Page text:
This allows us as readers (or listeners) to appreciate the rich phrase in the context of more down-to-earth descriptions. 

Keep your sentences simple and elegant whenever possible!



Whenever I am proofreading a written document for someone, I pay special attention to punctuation: it must reflect the natural pauses of thought and speech regardless of whether it is to be read aloud or read silently.

Punctuation marks like commas, semicolons, colons, full-stops / periods, even dashes – these are very valuable in both formal and informal writing and speaking styles. Try imagining what it would be like to listen to someone who is speaking without taking a breath, just on and on and on … how tiresome would that be? So don’t fall into the trap of excluding punctuation marks simply because they are smaller than words; they are absolutely essential to making yourself understood well in English, whether you are speaking or writing!

(You may be wondering: how can I demonstrate punctuation marks when I am speaking? I simply mean that you take full breaths or half breaths when you finish a thought phrase or idea, in the same way as you would be expected to if you were reading a well-written document aloud and had to pause fully at the full stops and pause only a little at the commas, for example. ✒️ If you’re interested in learning more about the value of punctuation in English, check out Lesson #121 and Lesson #143 here.)



As mentioned before, there are no fixed rules to absolutely positively identify informal and formal registers every time. Instead, they are identifiable by their general tendencies (such as to abbreviate some words, or not) and also by their context (who is the audience?).

As a teacher I have noticed in recent years that there is a worrisome trend of teaching ‘informal’, conversational English over and above formally-expressed English. While coversational English is of course invaluable, it is limited (unless you are learning English only for going on holidays). Formal English will continue to be required from anyone who wants to write, read, study or work in English.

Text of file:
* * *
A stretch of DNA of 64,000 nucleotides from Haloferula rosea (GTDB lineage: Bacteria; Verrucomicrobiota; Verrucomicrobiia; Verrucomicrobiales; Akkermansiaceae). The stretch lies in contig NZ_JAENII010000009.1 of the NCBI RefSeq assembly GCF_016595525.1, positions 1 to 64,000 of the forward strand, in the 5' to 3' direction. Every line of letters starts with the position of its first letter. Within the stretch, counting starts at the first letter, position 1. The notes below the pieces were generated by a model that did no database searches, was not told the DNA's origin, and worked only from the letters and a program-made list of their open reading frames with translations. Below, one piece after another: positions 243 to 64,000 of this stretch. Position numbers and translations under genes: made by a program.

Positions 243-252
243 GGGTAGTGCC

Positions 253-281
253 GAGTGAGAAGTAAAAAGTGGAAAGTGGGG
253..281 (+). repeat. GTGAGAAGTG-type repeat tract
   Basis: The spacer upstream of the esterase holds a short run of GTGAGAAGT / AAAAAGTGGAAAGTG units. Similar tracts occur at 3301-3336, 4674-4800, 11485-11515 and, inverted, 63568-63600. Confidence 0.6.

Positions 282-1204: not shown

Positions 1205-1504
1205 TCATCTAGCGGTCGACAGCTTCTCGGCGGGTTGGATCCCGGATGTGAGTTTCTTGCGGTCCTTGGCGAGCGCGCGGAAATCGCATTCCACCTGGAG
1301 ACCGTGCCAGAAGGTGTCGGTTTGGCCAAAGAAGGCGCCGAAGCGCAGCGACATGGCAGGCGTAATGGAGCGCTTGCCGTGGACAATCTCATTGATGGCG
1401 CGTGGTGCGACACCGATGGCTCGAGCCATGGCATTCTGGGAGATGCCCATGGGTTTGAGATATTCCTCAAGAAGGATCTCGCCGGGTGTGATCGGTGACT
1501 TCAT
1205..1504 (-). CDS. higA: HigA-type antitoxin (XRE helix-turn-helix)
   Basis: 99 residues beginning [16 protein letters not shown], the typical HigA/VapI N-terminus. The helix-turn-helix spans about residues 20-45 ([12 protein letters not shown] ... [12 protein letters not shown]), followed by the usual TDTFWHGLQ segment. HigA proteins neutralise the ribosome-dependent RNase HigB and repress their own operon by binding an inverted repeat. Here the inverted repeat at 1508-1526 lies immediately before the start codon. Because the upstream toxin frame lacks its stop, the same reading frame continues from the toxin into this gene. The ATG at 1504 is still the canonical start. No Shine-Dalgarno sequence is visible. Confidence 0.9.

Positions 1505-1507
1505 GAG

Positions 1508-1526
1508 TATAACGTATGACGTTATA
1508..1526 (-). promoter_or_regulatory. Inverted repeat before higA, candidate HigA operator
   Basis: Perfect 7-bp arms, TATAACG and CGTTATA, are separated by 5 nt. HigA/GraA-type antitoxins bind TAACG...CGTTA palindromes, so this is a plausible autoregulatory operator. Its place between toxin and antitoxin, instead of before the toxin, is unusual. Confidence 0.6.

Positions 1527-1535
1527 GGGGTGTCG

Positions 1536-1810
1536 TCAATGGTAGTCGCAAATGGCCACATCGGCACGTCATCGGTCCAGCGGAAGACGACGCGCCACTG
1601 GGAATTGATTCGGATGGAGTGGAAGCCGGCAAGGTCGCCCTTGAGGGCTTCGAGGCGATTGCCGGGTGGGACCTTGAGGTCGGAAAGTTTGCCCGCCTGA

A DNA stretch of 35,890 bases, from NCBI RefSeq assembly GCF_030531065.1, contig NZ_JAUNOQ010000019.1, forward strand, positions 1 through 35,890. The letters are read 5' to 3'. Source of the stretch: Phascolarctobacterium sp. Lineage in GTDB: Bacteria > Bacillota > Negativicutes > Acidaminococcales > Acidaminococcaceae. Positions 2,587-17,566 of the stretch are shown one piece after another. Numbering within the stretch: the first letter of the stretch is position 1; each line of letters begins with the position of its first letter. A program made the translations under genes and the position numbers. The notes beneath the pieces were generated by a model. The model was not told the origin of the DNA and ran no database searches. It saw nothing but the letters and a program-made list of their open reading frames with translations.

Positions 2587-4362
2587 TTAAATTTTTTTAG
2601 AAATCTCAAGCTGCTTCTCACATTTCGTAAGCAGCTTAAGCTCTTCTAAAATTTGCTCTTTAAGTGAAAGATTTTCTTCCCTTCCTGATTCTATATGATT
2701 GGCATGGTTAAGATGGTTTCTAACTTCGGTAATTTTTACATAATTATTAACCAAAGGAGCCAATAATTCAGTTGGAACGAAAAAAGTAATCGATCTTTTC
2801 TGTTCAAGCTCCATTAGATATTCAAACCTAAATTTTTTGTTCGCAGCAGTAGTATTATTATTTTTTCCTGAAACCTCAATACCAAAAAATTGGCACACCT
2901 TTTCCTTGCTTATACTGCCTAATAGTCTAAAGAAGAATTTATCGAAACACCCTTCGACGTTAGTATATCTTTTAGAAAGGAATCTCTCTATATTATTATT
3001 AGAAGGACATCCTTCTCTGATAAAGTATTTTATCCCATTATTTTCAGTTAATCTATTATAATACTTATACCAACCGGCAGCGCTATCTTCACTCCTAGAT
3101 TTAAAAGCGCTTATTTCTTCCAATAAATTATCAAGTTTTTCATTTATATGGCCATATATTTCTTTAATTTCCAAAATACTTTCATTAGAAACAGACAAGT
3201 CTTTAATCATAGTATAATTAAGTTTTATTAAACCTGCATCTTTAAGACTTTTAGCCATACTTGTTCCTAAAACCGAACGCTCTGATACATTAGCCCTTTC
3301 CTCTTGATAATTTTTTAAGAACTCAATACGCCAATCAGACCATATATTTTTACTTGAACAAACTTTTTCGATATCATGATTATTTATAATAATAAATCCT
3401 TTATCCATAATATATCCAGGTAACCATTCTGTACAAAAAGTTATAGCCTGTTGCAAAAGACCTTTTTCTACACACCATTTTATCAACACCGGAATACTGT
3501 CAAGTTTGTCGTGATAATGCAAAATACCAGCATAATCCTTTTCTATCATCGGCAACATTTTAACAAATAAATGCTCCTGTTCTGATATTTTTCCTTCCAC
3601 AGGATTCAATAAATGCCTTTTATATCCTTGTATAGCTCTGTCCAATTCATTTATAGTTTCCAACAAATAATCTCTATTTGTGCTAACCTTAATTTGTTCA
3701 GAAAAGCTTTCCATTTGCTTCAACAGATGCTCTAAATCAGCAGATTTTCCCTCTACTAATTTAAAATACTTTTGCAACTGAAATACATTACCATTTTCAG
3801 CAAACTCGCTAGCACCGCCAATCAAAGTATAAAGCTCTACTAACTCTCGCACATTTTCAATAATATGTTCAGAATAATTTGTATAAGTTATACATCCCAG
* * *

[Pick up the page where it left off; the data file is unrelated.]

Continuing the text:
👉 Now one more quick word, this time on my own writing: can you guess which register I am using as I write these lessons for you? 

If you aren’t sure whether it is formal or informal, you are probably closest to the truth: I use a combination of the two registers for these lessons. Firstly, I use the formal register because of course these are written rather than spoken lessons; also, I want to offer you opportunities to get used to reading approachable, yet somewhat formal, English (be aware: there aren’t that many such resources out there for English language learners to read). 

On the other hand, I also use certain abbreviations or even begin some sentences with a conjunction because I want to sound like I would if actually speaking to you. I aim for you to feel that it is a real person who is teaching you, and not simply a textbook text you’re reading.

In fact, the way that I write is quite similar to how I speak, so that if you would ever have an one-on-one lesson with me, you would notice the same.

In closing, if there are any further points that I haven’t dealt with in either part of this Lesson, please feel free to contact me and we can arrange a lesson together. I know that this is a big topic and one that cannot be grasped in one single lesson, so I am happy to help you further if needed.

by J. E. Gibbons

English language tutor and researcher at 'Learn English Through Literature' (2024)